Centurion Cycling Co-Founders Graham Fraser and Len Pettyjohn expressed satisfaction with the turnout for the first Lyons Centurion Bike Race held here last Sunday (July 18). They were, of course, hoping
for more participants, but since the two race promoters were creating something completely out of nothing, Fraser said the nearly 750 racers were “a good start,” and they plan to build from there.
Fraser, who formerly owned/produced the world famous Ironman Races, and Pettyjohn came to the Lyons Board of Trustees last year with the vision of creating a European-style mass start race, which would begin and end in Lyons, and would include an Expo with industry reps, vendors, food, and music. They chose Lyons because of the challenging bicycle racing terrain (mountains), the small town feel, and its proximity to all the avid bicyclists in the Boulder/Front Range area. The pair has two more races scheduled for this season, one in Madison, Wisconsin, and the other in Toronto, Canada.
The event was extremely well organized, from start to finish, and really didn’t cause too much disruption for residents with street/road closures around town, considering the scale of the race (see letter to the editor in this edition for a differing viewpoint). Although we did hear of a resident who would have preferred that the location of the “port-a-potties” not be quite so close to her back deck. Understandable, and the sort of thing that can be “tweaked” in years to come. Town officials and event organizers plan to sit down later and do a post-mortem to discuss what worked, and what didn’t, and public input will be valuable.
This year’s event was actually three races in one. The first was a 25-mile race, with 65 entrants (should be much more popular next year) that started in Lyons, went east on Rte. 66, made a big loop up towards Berthoud, and then back into Lyons on Rte. 66. The second was the 50-mile race with 259 racers. It went out of Lyons toward Boulder on Rte. 36, up Left Hand Canyon to the Peak-to-Peak Highway, and then down Rte. 7 and into Lyons. The 100-mile race rolled right down Main Street (at 7 a.m.), and then basically doubled the 50-miler, with a small loop toward Hygiene thrown in for good measure. This turned out to be the most popular choice, with 417 people electing to challenge themselves on the torturous double climb! After the race Lyons’ resident Dan Farrell, opined, “The most difficult part of the race was passing my house after 50 miles, and not stopping for a cold beer and a nap.”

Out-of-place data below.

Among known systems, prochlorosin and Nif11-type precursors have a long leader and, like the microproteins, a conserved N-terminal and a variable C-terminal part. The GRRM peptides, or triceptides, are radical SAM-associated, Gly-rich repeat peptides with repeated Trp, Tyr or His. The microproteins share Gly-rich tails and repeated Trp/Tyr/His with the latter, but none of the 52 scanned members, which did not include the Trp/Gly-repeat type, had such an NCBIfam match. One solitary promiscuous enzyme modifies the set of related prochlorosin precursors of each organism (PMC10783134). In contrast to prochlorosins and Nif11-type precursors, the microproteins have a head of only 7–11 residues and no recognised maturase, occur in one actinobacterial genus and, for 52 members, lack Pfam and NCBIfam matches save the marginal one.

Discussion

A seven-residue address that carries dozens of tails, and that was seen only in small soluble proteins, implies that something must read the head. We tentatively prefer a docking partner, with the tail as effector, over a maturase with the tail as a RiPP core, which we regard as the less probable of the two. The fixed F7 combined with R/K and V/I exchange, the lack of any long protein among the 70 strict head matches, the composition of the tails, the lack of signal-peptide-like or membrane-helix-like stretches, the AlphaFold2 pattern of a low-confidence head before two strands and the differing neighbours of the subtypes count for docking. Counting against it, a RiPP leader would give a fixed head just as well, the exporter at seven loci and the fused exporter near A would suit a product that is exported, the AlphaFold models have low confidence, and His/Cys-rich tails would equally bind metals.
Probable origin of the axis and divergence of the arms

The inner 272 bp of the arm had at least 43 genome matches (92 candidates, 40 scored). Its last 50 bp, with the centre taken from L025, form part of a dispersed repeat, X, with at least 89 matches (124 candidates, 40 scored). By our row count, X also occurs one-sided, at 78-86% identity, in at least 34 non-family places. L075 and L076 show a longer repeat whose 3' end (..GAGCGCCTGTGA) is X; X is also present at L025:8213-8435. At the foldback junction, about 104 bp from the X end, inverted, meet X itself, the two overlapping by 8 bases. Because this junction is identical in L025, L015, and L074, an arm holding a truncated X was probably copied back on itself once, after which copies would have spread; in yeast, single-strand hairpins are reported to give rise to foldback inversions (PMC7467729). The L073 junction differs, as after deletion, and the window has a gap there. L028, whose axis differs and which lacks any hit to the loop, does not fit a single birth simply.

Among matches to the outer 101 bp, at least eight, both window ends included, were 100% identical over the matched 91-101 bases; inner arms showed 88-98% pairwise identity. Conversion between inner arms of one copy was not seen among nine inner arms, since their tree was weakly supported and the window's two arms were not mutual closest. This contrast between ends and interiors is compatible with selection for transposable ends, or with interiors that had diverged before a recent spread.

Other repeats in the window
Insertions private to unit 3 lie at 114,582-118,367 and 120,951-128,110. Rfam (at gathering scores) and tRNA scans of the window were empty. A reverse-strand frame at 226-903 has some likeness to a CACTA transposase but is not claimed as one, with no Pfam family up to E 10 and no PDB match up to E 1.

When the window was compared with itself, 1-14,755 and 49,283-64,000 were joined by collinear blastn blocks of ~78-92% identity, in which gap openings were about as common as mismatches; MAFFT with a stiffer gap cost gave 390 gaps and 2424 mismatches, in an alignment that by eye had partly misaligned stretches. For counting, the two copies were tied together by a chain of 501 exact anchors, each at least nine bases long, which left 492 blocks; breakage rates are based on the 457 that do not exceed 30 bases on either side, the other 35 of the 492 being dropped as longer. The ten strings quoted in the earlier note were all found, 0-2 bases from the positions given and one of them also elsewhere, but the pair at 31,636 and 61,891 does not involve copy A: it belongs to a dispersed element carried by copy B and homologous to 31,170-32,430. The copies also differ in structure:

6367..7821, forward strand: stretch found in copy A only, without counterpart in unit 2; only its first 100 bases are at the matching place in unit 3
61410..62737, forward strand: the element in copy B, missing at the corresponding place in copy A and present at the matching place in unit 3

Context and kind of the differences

Speaking of Lyons, the local biking community did themselves proud. In the 25-mile race, Bill and Marylyn Palmer (first Lyons finishers) took top honors in their age/gender groups. Stephanie Kurland and Jonelle Tucker finished second in their respective age groups, and Eric Zilling, Mark Browning, and Julie Van Domelen got on the podium with third place finishes. In the 50-mile race, Kelly Yelverton rode away with first place honors in her age group (Mom Eileen and Dad Forrest finished well too), and Steve Kurland finished second in his age group. Top overall female Lyons finishers in the 50 were Connie Sullivan, Eileen Yelverton, and Annie Sirotniak. Top overall male Lyons finishers in the 50 were Tod Kimbell, Art Karsel, and Neil Sullivan. In the 100-mile race, Chris Legh and Matthew Gates just missed the podium finishing fourth and fifth respectively. Although it should be noted that Legh won the “King of the Mountain” segment of the race, awarded to the rider with the fastest time climbing from the bottom of Left Hand Canyon to the top of the Peak-to Peak. For a complete listing of the results in all three events, you can visit www.centurioncycling.com, and click on “here” in the “huge success” article, and for more photos you can visit www.lyonsrecorder.com.
The various civic groups within in Lyons did very well for themselves also. Centurion was donating $500 to groups who supplied 25 volunteers to work the event. Several groups, like the Lyons Booster Club, Lyons Community Foundation, and the LYBSA took advantage of the opportunity as scores of familiar faces manned the registration tables, food tables, stuffed “schwag bags,” etc.